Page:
Of course, this isn’t much like most of King’s other work – or at least, his stereotypical horror output. For starters, it’s not horrific: it’s a cop drama. Retired cop drama, to be specific. With Mr. Mercedes, the first in an as-yet-unnamed trilogy, he’s started telling the story of Bill Hodges, an unlikely hero and even less likely Lothario.

King tips his hat to James M. Cain at the start of the book, and it’s easy to see (more…)

Goodreads review: Hello America

Hello AmericaHello America by J.G. Ballard
My rating: 3 of 5 stars

It’d be a bit much to expect J.G. Ballard to write something cheerful. So here we are in disaster-town again: a North America abandoned after peak oil and climate change joined forces to ruin the landscape and the economy both. The world is a fractured, largely socialist or communist environment (you know, trains running on time, bad soup, joyless sex in afternoons off from suitably pro-community factory jobs) which keeps people alive but only just.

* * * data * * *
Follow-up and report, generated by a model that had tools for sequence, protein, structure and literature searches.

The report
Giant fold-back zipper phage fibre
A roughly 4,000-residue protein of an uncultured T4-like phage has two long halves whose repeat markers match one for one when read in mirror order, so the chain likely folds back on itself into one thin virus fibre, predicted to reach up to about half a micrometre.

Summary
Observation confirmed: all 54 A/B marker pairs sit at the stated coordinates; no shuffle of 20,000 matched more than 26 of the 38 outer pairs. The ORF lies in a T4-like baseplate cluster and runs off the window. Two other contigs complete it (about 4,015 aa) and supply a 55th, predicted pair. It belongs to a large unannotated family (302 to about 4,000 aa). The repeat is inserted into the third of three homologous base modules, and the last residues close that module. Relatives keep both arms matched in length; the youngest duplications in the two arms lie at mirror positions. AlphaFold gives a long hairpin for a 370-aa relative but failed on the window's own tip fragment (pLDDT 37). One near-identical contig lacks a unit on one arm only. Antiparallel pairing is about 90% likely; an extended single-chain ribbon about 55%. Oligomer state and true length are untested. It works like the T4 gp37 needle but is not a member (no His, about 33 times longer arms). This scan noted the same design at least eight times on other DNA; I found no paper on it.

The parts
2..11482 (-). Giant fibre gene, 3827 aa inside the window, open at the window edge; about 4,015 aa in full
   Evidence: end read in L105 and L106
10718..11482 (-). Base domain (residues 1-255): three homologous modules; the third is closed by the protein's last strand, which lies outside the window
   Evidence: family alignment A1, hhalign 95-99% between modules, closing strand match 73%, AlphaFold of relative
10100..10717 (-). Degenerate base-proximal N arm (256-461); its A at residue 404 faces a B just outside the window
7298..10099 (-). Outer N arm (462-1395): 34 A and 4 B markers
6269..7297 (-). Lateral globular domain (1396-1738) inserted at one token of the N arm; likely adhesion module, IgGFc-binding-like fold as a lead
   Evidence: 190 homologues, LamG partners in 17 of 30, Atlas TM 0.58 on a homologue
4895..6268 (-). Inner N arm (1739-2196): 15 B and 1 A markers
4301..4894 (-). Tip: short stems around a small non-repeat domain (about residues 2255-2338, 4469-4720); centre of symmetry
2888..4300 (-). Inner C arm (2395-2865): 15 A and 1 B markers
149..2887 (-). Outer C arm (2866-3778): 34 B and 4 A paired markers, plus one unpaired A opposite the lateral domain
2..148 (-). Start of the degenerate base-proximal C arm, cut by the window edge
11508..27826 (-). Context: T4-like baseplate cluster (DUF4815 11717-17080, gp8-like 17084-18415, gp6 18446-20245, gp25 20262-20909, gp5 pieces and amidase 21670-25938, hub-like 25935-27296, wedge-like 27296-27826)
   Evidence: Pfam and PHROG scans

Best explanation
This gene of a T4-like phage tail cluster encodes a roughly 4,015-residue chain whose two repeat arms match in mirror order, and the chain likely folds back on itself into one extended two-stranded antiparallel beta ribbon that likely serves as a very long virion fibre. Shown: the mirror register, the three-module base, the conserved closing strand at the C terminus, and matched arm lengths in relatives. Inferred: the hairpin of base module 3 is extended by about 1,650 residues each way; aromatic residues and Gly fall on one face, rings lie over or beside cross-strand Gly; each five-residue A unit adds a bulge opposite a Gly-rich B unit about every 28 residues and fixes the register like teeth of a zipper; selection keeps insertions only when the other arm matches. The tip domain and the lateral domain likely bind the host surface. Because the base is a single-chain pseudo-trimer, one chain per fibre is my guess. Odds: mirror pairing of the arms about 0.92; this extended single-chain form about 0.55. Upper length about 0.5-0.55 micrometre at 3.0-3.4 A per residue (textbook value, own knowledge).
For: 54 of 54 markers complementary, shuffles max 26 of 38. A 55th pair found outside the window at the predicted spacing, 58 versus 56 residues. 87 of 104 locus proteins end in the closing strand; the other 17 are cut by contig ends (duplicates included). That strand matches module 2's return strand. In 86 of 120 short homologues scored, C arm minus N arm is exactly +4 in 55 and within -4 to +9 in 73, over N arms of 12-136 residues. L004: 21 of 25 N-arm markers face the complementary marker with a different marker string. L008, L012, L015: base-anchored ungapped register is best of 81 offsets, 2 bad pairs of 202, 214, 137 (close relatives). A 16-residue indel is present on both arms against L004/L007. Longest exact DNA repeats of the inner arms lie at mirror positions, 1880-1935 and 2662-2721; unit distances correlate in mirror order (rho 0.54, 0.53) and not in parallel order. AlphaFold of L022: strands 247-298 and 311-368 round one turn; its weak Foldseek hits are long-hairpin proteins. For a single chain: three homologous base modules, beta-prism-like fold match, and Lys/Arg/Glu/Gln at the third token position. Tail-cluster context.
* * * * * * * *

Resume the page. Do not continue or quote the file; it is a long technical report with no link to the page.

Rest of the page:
That kind of world. Good job there’s a steam-powered excursion to North America on the cards, hoping to explore the abandoned continent and repopulate it. (more…)

Goodreads review: 1Q84

1Q841Q84 by Haruki Murakami
My rating: 4 of 5 stars

1Q84 is a meandering work. It’s not a quick read, though that’s not because it’s difficult: rather, it’s because Murakami takes his time savouring plot elements. He chews the characters over. In some ways, it’s Murakami-by-numbers – there’s ear fetishism, music fetishism and other standard tropes – but it also bears an unexpected shout-out to his non-fiction writing. Underground‘s explanation of cult terrorism certainly appears to have influenced the story here – it’s hard to see some of the cult imagery here without Shoko Asahara coming to mind.